Things came to a grinding halt when my wife Cindy and I went to Amsterdam and Dublin for a 10 day holiday with her sister and husband. Wow! Talk about a carb fest. From morning to night, all we ate were carbs. Carbs for breakfast lunch and supper and of course more chocolate than I could handle. We were on the move a lot and so food was whatever we could get our hands on easily and the easiest were carbs.

By the time we landed in South Africa on the 2nd of July I was sick of chocolate, I literally felt ill. I had made up my mind that was I going to give this LCHF diet a full go and made a commitment to restrict carbs as much as I could and no sugar at all for 6 weeks. But I still had one more Milka slab left and so despite been all sugared out I forced it down so that come tomorrow there would be no temptation.

The next morning it began, I started off the day with 2 eggs fried in coconut oil. As I ate my breakfast I grumbled under my breathe wondering just how long this could possibly sustain me. To my surprise I felt full for most of the morning. With a previous big helping of muesli and low-fat yoghurt I’d be starving 2 hours later. I cut out all the carbs I could think of, all breads, flour, sugar, I even cut all fruit and all vegetables. The vegetables would be reintroduced next week.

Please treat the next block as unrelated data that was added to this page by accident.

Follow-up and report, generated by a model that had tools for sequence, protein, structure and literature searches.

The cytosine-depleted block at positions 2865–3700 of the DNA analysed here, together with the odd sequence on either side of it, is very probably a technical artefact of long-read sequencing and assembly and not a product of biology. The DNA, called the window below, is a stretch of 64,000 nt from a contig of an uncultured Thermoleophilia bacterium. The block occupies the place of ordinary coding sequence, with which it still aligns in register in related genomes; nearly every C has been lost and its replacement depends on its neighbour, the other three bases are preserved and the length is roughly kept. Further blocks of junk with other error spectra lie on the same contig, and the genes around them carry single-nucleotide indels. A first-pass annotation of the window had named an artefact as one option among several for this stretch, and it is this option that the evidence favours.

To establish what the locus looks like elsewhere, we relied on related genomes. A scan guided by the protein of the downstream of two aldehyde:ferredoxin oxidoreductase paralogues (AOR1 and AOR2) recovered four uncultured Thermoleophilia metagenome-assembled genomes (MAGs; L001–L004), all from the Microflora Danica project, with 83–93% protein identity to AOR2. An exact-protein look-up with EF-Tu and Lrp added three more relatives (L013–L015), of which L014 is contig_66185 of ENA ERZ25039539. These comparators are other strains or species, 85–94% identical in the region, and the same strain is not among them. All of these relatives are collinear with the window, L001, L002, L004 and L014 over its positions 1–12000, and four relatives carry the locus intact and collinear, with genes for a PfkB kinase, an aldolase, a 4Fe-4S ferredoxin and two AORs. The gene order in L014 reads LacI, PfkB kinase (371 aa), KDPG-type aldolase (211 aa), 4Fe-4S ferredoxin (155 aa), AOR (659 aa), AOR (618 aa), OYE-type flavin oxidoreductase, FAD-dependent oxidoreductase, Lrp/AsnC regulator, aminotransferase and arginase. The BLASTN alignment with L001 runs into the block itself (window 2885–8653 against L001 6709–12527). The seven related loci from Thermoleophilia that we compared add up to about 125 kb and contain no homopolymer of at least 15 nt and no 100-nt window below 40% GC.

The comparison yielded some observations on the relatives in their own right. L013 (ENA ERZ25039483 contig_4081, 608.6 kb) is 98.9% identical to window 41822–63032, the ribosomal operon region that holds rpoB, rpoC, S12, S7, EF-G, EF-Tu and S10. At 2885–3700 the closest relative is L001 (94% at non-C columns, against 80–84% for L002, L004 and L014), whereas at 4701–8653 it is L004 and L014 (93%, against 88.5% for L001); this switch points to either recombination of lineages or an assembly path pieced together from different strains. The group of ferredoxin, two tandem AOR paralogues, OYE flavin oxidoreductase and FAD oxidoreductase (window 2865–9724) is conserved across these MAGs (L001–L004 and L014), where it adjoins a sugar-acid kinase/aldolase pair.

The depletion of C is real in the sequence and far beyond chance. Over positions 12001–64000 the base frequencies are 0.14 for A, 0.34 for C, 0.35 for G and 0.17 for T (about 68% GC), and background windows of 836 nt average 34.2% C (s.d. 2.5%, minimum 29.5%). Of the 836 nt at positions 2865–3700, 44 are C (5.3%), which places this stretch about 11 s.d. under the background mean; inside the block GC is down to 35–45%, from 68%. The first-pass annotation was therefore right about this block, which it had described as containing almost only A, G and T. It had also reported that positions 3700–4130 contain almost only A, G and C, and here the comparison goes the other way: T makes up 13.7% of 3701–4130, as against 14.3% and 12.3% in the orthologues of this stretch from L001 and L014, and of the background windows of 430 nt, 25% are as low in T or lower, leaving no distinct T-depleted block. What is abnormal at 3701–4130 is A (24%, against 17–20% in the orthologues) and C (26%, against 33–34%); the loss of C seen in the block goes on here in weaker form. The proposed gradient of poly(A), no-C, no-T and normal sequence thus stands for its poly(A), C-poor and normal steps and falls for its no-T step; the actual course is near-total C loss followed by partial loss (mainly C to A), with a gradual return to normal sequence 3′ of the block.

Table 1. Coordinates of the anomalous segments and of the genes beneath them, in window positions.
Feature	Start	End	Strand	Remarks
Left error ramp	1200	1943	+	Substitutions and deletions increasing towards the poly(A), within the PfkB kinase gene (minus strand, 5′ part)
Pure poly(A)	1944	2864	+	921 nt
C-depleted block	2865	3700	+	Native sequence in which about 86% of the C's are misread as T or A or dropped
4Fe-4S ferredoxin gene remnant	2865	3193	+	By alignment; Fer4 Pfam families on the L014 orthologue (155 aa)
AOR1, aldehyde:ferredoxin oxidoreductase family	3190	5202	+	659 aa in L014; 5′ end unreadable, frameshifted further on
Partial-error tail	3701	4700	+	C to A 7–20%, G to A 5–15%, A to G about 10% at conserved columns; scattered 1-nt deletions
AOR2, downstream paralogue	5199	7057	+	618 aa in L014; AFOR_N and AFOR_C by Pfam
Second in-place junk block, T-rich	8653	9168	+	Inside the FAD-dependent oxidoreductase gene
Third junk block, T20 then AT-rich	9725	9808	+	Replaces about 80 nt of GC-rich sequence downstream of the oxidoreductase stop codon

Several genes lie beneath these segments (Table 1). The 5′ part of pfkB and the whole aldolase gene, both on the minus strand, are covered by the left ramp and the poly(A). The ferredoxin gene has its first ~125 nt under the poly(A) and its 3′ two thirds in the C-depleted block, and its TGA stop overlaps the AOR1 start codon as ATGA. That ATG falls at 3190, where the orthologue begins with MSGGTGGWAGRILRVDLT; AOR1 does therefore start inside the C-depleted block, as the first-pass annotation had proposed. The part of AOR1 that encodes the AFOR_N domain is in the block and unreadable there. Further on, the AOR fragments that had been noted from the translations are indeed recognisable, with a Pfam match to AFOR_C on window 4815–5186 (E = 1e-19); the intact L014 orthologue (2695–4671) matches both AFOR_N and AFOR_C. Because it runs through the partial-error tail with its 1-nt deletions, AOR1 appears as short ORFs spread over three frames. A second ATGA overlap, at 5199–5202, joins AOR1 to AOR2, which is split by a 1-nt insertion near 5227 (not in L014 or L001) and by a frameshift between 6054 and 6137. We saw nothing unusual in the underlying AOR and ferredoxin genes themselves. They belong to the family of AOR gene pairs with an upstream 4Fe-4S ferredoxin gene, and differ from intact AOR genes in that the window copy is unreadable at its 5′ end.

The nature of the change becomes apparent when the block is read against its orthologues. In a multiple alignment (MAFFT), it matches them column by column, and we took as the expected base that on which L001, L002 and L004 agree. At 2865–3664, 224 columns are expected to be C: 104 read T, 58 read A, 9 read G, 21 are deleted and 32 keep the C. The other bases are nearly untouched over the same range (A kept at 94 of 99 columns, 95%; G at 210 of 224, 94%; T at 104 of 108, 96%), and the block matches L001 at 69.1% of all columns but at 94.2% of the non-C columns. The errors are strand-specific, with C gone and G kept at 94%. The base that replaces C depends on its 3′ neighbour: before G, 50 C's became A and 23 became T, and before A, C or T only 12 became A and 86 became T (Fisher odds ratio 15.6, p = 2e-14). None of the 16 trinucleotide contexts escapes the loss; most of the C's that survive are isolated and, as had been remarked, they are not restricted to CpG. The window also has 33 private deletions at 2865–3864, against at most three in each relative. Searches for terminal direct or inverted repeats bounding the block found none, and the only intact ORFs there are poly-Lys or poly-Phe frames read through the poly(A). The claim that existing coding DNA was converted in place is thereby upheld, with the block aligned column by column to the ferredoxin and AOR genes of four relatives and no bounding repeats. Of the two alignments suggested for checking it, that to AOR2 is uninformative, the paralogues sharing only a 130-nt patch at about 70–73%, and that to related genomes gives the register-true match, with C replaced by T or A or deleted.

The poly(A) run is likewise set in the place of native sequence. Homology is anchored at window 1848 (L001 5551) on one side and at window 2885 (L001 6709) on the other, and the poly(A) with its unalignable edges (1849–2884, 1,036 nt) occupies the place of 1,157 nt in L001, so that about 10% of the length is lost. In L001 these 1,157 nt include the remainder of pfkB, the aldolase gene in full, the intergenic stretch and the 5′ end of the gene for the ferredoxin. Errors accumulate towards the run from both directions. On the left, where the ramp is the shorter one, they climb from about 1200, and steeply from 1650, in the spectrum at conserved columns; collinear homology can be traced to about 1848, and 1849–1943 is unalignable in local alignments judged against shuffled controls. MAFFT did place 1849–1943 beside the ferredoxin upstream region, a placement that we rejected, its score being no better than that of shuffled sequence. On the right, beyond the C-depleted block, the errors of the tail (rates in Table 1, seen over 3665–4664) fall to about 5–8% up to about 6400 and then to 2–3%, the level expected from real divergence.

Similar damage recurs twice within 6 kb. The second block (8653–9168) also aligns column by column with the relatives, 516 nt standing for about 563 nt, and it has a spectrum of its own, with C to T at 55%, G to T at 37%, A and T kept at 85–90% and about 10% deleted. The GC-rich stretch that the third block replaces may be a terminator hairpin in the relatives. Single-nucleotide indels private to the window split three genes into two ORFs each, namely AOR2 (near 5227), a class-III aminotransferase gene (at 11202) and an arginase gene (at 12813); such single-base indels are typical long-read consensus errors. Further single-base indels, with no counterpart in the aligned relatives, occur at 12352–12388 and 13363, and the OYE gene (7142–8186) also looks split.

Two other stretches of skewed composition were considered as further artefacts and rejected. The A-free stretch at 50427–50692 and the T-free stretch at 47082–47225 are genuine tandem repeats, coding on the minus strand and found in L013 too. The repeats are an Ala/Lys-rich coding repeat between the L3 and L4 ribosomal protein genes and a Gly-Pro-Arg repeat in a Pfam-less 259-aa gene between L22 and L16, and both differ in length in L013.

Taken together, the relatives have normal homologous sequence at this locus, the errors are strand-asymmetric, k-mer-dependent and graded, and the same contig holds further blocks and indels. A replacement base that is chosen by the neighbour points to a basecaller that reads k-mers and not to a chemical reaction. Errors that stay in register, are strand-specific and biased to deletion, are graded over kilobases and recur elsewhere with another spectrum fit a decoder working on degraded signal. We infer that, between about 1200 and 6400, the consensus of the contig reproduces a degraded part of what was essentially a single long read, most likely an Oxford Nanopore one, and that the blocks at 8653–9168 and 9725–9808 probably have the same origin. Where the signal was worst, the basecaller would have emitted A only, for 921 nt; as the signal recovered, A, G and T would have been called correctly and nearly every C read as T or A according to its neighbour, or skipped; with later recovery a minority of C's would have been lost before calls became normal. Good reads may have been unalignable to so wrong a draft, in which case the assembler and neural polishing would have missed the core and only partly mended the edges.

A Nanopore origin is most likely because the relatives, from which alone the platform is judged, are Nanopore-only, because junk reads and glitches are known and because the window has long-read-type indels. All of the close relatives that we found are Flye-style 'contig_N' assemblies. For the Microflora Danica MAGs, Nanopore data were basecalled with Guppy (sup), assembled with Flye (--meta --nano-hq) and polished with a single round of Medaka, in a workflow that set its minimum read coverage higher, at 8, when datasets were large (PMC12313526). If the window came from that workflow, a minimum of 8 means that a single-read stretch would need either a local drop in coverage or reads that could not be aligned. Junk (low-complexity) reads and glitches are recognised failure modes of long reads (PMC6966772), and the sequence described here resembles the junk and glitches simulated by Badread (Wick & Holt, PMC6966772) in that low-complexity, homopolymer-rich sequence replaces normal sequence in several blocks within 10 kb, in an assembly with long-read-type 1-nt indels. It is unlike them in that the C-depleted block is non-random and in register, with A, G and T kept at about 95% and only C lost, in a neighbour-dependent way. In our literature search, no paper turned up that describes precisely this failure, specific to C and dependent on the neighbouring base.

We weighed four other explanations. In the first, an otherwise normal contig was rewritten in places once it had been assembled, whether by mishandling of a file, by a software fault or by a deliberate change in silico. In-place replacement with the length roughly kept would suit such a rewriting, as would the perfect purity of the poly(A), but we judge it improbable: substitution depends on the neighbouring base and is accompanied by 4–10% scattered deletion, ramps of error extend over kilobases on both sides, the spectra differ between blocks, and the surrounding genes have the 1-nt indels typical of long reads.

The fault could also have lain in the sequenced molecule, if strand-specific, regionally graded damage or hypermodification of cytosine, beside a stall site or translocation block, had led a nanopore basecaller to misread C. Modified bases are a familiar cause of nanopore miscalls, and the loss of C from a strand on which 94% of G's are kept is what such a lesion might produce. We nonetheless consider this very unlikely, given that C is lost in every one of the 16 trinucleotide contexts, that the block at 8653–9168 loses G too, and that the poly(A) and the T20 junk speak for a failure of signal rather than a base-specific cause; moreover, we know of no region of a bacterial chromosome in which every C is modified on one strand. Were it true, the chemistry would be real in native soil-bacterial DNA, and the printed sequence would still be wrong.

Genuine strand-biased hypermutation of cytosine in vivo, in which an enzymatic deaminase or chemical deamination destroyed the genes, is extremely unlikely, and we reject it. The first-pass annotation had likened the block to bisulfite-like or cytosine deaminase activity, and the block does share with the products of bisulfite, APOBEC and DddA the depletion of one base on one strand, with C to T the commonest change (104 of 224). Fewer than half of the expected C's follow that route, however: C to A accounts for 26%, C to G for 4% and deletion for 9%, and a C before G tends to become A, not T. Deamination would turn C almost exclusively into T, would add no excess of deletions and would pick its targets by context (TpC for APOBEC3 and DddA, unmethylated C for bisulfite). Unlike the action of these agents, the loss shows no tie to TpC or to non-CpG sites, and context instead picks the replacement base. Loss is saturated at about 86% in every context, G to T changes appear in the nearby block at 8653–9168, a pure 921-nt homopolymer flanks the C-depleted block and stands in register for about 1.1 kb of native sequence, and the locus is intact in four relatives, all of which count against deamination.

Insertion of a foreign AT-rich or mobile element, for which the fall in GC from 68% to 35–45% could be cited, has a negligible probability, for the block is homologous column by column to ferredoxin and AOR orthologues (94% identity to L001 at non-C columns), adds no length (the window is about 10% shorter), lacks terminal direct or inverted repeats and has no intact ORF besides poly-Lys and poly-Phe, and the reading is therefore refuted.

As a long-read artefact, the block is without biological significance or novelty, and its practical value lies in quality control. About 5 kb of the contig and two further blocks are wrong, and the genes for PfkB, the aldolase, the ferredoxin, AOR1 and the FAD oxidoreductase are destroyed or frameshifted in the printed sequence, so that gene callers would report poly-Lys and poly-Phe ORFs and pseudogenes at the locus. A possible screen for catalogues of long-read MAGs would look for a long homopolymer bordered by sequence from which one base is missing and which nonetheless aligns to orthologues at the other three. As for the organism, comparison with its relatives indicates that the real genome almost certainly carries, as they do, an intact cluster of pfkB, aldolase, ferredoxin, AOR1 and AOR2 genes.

I had read about the possible initial effect of fatigue and other things but to be honest I felt great, my energy levels felt good during the day and I wasn’t hungry all the time and as the weekend rolled around I set out for my first longish run on this new diet after only 4 days. This is what I was most interested in, the effect of this diet on my running and thereby on my clients.

The plan was a 2 hour run which ended up been 25km’s. I did not eat anything beforehand and drank only water on the run. I felt great for the first 18-19km’s and then I ran slap bang into “the wall.” I felt like I had concrete blocks on my legs and I simple could not lift my legs. Sure I had been travelling and for the last 10 days had been training at sea level and I would definitely feel the effects of altitude. But this was way worse, this felt as though every ounce of energy had been sapped from my system. If you’ve ever tried to sprint an 800m when unfit, it was similar to the feeling you get with 300m’s to go. I simply couldn’t. I ended up having to walk most of the last 4 km’s. I felt terrible and wasted and all I wanted, all I could think about, all my body craved was an ice cold coke.